7. Risk of consuming too much carbohydrate
Vegan diets are generally lower in protein and can cause blood sugar swings in certain individuals. There is also the risk of over-consuming carbohydrates on a vegan diet, especially since legumes are often consumed as a protein source.
Over-consuming carbohydrates can lead to non-alchoholic fatty liver disease, blood sugar disregulation, and other troublesome symptoms. Eating a diet that includes moderate to higher levels of protein has been shown to have a positive effect on satiety and weight management.
8. Risk of disordered eating
Orthorexia is a type of eating disorder that is defined by an over-fixation on healthy eating patterns. It can result in over-restriction, obsession, and other serious eating disorders.
At least one study found that vegans and vegetarians tended to display more orthorexic eating patterns, and most eating disorder specialists do not recommend restrictive diets such as veganism or vegetarianism for people trying to recover from an eating disorder such as orthorexia (7).
My Experience with Being Vegan and Moving Away from Veganism
The first year on a vegan diet was okay. I had a hard time giving up some of my favorite foods, especially dairy yogurt and eggs. I didn’t lose any weight going vegan, but I had reduced acne outbreaks once I stopped eating dairy (I am still dairy-free).
About one year into my vegan diet experiment, I started experiencing an outbreak of hives after eating. The hives were intense. One morning my eyelid was swollen shut. I thought perhaps gluten might be the issue, so I also then cut out gluten.
Around that time, I also came across a more extreme version of veganism, one that cuts out all oils, processed foods, refined carbs, and sugar. I thought maybe, just maybe, that I had found the answer to losing weight and feeling good.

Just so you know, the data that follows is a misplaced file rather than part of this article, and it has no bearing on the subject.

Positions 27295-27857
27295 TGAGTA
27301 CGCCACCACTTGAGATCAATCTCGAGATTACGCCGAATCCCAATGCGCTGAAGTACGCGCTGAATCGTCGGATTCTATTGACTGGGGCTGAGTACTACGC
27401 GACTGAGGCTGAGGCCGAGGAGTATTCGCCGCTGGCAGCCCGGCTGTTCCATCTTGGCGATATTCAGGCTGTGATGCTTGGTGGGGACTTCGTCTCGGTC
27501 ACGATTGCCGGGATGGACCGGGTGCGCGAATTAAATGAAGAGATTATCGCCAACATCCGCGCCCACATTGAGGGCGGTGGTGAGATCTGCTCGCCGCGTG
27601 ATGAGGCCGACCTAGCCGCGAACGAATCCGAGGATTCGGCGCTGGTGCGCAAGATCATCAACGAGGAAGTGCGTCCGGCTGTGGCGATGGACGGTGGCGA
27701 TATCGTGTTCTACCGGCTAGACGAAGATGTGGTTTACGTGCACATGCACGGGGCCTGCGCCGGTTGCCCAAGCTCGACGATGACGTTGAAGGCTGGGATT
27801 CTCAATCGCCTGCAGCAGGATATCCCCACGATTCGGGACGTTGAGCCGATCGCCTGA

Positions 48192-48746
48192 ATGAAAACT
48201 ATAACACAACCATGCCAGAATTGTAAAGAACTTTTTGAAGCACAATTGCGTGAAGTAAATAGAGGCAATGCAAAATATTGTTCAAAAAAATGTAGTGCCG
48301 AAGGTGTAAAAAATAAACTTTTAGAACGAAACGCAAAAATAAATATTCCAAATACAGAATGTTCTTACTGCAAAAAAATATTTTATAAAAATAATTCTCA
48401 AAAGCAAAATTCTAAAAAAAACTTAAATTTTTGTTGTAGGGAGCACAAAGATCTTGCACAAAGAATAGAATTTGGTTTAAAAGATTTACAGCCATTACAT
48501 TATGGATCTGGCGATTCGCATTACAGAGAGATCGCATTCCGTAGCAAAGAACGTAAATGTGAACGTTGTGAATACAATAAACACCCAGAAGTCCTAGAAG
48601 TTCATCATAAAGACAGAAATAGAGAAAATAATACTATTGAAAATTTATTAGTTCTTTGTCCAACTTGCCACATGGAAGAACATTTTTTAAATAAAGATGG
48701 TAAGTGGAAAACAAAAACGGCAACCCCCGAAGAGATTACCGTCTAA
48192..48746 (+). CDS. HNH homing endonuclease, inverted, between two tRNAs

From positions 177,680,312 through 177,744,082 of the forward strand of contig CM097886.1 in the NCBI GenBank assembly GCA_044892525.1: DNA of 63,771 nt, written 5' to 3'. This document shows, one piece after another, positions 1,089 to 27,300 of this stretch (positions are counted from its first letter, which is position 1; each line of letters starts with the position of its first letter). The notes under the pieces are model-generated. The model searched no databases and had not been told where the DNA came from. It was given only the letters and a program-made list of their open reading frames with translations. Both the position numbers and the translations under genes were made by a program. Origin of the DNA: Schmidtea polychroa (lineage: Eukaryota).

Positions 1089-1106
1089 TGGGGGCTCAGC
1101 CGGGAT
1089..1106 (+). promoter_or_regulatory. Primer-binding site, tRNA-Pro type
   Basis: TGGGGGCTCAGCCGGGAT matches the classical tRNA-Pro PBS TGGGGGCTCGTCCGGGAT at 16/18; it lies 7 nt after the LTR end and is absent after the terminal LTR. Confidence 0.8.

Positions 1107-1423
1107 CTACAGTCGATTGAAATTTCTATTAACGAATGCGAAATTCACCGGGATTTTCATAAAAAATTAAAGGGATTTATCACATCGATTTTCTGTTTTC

One thing led to another and I was eventually diagnosed with thyroid cancer in 2012. My world came crashing down. At the time, I had been following this extreme form of veganism for almost two years and thought I was supposed to be protected from such a terrible diagnosis.
I continued on the vegan path even after my diagnosis and treatment, thinking if I just tried harder or got more restrictive, then I would be healthy. My diet got more and more restricted and I felt an eating disorder mindset start to consume me. I was always hungry, yet I wouldn’t allow myself to eat the foods that would nourish and heal me.
Finally, after careful thought and lots of fretting, I decided to stop being vegan. I wrote a blog post about not being vegan anymore and lost a lot of friends over my decision (that blog post has over 500 comments on it). Once I was immersed into the vegan culture, it made it that much more difficult to mentally make that mental shift of eating meat again. I experienced bullying and shaming when I wrote publicly about my decision.
Ultimately, I consulted with a dietitian, an eating disorder specialist, and functional medicine practitioners to recover my health and a balanced relationship with food. Here are some tips for how to recover from orthorexia.
Conclusions About Vegan Diet Dangers
Certainly, not everyone has a negative experience on a vegan diet. There are plenty of people who would benefit great from adopting certain aspects of veganism, including incorporating more vegetables into the diet, and understanding the importance of not purchasing or consuming factory-raised meat. Read more about the pros and cons of a vegan diet.